Showing posts from July, 2012

Series on the Family: Caring for the Aged

Pope John Paul II said, “A society will be judged on the basis of how it treats its weakest members, and among the most vulnerable are surely the unborn and the dying.” This excellent quote sets the stage for the first installment of a sermon series on the family. This week’s lesson looks at how we treat some of our society’s weakest members: the aged.

Throughout August, I will be preaching about the unique situations of today’s families. This won't be your typical sermon series about families. I won't propagate the stereotypes about happy mom, dad, 2 kids and a dog/cat. I have nothing against normal, happy families, and one of my sermons will talk about marriage. But the situations faced by today's families are far more complex than what stereotypes can handle.

The apostle Paul’s comments on this subject were perhaps more stark than the pope’s. He wrote, “Anyone who does not provide for their relatives, and especially for their own household, has denied the faith and is w…

Big Conversations about Declining Churches

In the past week, a conversation has filled Facebook walls and Tweet chats. Many have hit the blogosphere. They want to discuss an op-ed article by Ross Douthat in NY Times & a follow-up by Diana Butler Bass in the Huffington Post.

Ross Douthat wrote to pile on with those who describe the steep decline of attendance in the Episcopalian Church. Could there be complex and multiple reasons for their decline? Not according to Douthat. He views the culprit as the embrace of a social liberal agenda. He writes, "But if conservative Christianity has often been compromised, liberal Christianity has simply collapsed. Practically every denomination — Methodist, Lutheran, Presbyterian — that has tried to adapt itself to contemporary liberal values has seen an Episcopal-style plunge in church attendance." In other words, embrace liberal values and plummet in attendance.

Douthat may be right. The liberal social agenda may drive many church-goers to more conservative congregations. But…

For God So Loved -- John 3:16 in Context

It's perhaps the most well-known verse in all of scripture. "For God so loved the world that he gave his only Son, so that everyone who believes in him may not perish but may have eternal life” (John 3:16). From the crazy colored-hair guy who always showed up at sporting events to the black strips under Tim Tebow's eyes, the shorthand for this verse is etched into our minds.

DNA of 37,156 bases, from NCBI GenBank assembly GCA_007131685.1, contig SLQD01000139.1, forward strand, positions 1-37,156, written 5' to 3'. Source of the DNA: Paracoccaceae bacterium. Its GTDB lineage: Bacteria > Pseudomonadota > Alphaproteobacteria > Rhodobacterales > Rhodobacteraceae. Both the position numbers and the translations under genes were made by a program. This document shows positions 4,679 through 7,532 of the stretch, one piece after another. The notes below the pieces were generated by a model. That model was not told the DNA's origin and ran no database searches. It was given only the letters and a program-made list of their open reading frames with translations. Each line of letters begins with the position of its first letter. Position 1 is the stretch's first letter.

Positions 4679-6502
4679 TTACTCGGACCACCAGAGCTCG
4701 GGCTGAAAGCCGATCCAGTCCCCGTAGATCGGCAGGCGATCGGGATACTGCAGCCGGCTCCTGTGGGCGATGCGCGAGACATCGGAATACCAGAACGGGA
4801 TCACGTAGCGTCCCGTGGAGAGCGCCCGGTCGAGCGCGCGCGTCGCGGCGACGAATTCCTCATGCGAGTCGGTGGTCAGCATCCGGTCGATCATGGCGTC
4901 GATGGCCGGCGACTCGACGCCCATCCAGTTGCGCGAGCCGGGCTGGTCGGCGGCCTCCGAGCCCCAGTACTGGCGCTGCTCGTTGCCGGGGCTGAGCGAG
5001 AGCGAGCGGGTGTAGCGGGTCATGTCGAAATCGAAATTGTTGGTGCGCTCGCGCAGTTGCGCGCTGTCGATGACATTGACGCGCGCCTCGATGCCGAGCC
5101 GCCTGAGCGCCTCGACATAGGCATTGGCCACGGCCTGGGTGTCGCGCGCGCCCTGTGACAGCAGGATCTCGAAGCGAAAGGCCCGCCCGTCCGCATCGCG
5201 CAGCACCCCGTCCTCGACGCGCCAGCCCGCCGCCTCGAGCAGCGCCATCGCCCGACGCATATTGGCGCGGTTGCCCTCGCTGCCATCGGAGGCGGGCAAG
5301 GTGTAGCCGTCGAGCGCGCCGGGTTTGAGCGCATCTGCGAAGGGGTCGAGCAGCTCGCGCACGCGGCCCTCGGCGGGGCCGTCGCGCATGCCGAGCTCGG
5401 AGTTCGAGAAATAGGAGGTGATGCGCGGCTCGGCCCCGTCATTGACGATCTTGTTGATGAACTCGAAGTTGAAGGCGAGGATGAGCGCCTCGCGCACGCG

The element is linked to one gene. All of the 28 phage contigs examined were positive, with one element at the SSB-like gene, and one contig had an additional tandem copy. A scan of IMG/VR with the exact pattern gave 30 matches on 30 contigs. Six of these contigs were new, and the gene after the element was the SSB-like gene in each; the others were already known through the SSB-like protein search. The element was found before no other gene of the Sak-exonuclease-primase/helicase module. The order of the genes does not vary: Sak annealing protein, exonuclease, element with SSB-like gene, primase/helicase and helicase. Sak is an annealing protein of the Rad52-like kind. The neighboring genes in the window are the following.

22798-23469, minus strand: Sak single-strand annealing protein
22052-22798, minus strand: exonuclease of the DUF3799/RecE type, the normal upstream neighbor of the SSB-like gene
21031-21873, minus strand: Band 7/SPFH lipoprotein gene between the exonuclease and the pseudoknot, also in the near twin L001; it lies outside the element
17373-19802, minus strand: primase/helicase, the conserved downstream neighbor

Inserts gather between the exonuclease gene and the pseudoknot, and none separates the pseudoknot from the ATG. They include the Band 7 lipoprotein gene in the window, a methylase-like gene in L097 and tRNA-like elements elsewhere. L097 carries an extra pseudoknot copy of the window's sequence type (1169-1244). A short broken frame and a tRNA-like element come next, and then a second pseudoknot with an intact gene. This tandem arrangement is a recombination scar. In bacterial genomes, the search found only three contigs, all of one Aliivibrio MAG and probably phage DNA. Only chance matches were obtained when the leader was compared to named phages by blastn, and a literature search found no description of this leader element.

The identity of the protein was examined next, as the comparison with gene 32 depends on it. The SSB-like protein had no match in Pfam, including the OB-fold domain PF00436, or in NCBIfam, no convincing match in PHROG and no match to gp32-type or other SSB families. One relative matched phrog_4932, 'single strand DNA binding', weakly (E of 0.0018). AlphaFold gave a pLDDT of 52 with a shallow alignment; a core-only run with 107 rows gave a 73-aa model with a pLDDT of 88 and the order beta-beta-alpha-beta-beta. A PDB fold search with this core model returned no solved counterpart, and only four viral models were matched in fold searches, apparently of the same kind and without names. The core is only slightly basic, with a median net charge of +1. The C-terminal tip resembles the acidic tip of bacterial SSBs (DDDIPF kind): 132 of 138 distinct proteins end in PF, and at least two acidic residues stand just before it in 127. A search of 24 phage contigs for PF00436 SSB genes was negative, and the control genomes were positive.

But what does it mean? How are we to understand these words?

When we step back and read the entire section of John 3, we find a conversation between Jesus and Nicodemus, a highly placed Jewish teacher and leader. Nicodemus is in the dark (figuratively, perhaps), and he is curious about "the signs" Jesus has been performing. These signs indicate that Jesus must be from God, but Nicodemus doesn't understand who Jesus is.Jesus begins to talk about rebirth as a prerequisite for entrance into God's kingdom. Nicodemus doesn't understand spiritual rebirth--it apparently wasn't a par…

I Can Do All Things -- Phil 4:13 in Context

In the 2011 movie Soul Surfer, 13-year-old Bethany Hamilton lies on her hospital bed. She is a prize-winning surfer who just lost her left arm in a shark attack. Fearful that she will have to give up her life's passion, she asks her father (played by Dennis Quaid) when she can get back on her surfboard. He leans toward her and begins to quote (sort of) Philippians 4:13, "You can do all things." At this point, Bethany joins in and recites it with her father, "Through him who strengthens me."

Here's a link to the movie clip.

The real life story of Bethany Hamilton is touching and inspirational. I'm all for her and her story. The movie is a great pick-me-up, and I am grateful for any film that puts a relatively good spin on Christian faith.

But something here is lost in translation (so to speak). Paul's statement in Phil 4:13 comes across as an endorsement for wishful thinking. One might get the sense that Christians think Jesus can help them do anythi…

Higgs Boson (subatomic particle) & Human Perspective

I love this David Horsey cartoon from the LA Times. "Perspective is everything." Isn't that the truth?! Doesn't that phrase apply to so many things that are "hotly debated" or "deeply divisive" or even "incredibly important" to the future of our churches, our planet and our human race? This could describe the way some folks in our churches marvel at certain insights while others could care less. Great satire.